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This chapter's purpose is to demonstrate hands-on spoken latin using dialogues, word lists, colloquial expressions and all that is needed to grasp spoken latin.

It is recommended that you cover all verb, adjective and noun endings and have read through the rest of the Latin book, or at least the revision pages, before you embark on this. Subjunctive, infinitive and indicative all need to be well understood in order to complete this course.

At the end of every exercise there will be a show-hide exercise and sometimes an English-Latin translation. There will often be referenced footnotes showing where there have been quotes from original Latin authors and tips to usage of sentences.

Latin as a language was spoken from its earliest origins all through the middle ages to the renaissance and beyond by numerous students, scholars and the educated nobility. Like all spoken languages, Latin evolved in vocabulary and form. Often the vernacular languages influenced how Latin was spoken. While there were many attempts to stay true to Ciceronian form in speech and writing by scholars, most when they spoke the Latin tongue used forms and vocabulary often derived from their mother tongue which would have been incomprehensible to Classical speakers.

Latin grammar has remained fixed and unchanged for centuries. The two most controversial issues about the living use of Latin (living Latin) are pronunciation and the introduction of new words. Regarding pronunciation, the choice is between "ecclesiastical" pronunciation and "classical" pronunciation. Each has its problems. Although the Italian pronunciation is often presented as the standard for ecclesiastical or 'Church' Latin, there are different systems of pronunciation in different countries, all of them equally legitimated by tradition. For example, the Italian pronunciation will be used in Masses celebrated in the Latin language, which is still the official liturgical language of the Catholic Church. An example of this pronunciation can be found at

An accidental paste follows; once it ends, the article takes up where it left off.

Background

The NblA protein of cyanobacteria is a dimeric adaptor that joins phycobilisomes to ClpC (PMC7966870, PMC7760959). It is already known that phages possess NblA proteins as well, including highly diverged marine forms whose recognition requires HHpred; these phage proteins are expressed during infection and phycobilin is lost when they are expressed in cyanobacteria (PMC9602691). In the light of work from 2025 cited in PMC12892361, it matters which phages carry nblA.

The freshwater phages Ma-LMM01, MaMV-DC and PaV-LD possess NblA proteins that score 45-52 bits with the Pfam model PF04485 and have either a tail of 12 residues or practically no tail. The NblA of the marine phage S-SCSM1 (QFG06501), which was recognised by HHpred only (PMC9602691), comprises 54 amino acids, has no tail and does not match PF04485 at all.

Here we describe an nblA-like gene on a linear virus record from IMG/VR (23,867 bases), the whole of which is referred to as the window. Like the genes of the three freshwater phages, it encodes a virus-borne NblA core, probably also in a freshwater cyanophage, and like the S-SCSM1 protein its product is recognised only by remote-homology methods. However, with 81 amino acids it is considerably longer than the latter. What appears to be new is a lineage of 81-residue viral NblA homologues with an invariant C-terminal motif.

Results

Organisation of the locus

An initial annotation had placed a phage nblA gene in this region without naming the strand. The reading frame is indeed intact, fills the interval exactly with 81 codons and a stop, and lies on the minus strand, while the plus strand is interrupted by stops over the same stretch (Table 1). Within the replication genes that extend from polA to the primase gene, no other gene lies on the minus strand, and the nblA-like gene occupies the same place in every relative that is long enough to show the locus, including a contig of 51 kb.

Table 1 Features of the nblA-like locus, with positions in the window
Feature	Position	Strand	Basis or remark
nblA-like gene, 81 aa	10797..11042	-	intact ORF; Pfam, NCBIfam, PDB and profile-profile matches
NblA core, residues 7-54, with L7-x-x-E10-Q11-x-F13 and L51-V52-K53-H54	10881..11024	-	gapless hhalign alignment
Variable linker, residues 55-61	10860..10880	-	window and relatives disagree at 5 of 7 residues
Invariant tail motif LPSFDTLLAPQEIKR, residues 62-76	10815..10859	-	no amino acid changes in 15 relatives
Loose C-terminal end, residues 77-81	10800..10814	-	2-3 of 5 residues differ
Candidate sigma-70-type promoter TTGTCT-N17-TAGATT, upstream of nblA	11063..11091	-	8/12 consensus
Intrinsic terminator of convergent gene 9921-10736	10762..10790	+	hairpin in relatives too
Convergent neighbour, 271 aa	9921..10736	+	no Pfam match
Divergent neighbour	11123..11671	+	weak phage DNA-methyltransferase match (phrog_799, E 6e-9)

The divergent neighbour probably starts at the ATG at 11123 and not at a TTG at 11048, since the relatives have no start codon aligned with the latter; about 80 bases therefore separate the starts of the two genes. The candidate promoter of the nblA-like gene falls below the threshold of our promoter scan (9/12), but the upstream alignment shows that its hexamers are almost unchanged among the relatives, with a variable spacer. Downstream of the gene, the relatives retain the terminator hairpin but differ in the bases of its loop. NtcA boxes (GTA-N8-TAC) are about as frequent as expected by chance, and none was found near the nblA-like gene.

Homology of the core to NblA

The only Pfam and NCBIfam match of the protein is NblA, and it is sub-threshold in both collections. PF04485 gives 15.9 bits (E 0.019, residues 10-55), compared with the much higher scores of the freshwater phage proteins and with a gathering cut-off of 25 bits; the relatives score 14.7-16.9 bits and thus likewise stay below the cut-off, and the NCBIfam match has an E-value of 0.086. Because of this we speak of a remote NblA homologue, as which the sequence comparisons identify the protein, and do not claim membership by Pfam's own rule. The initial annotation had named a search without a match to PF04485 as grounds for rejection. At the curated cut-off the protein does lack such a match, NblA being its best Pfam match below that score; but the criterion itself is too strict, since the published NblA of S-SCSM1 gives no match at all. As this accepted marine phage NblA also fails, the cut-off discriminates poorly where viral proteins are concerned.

"Classical" pronunciation offers consistency of sound across national borders, and makes the claim that it is what the ancient Romans (or at least educated speakers of the late Republican/early imperial period) actually spoke. It is described in books like the paradigmatic Allen's Vox Latina. To some, the classical rules (in particular the replacement of the "v" sound with the "w" sound) produce an unpleasing effect. Classical pronunciation, however, is the clear favorite of the "Living Latin" movement, which has the fastest growing number of new speakers of the language. An example of classical Latin pronunciation is at

Regarding modern vocabulary, many schools exist, and there is no consensus as yet. The Vatican, the only state that still has Latin as its official language, even if hardly any of her cardinals can actually speak it anymore, publishes a Latin dictionary with an exhaustive number of modern words translated into this ancient tongue; often this is done through cumbersome periphrases (e.g. a hippie is 'osor conformitatis') and other times by arbitrary coinage of new words.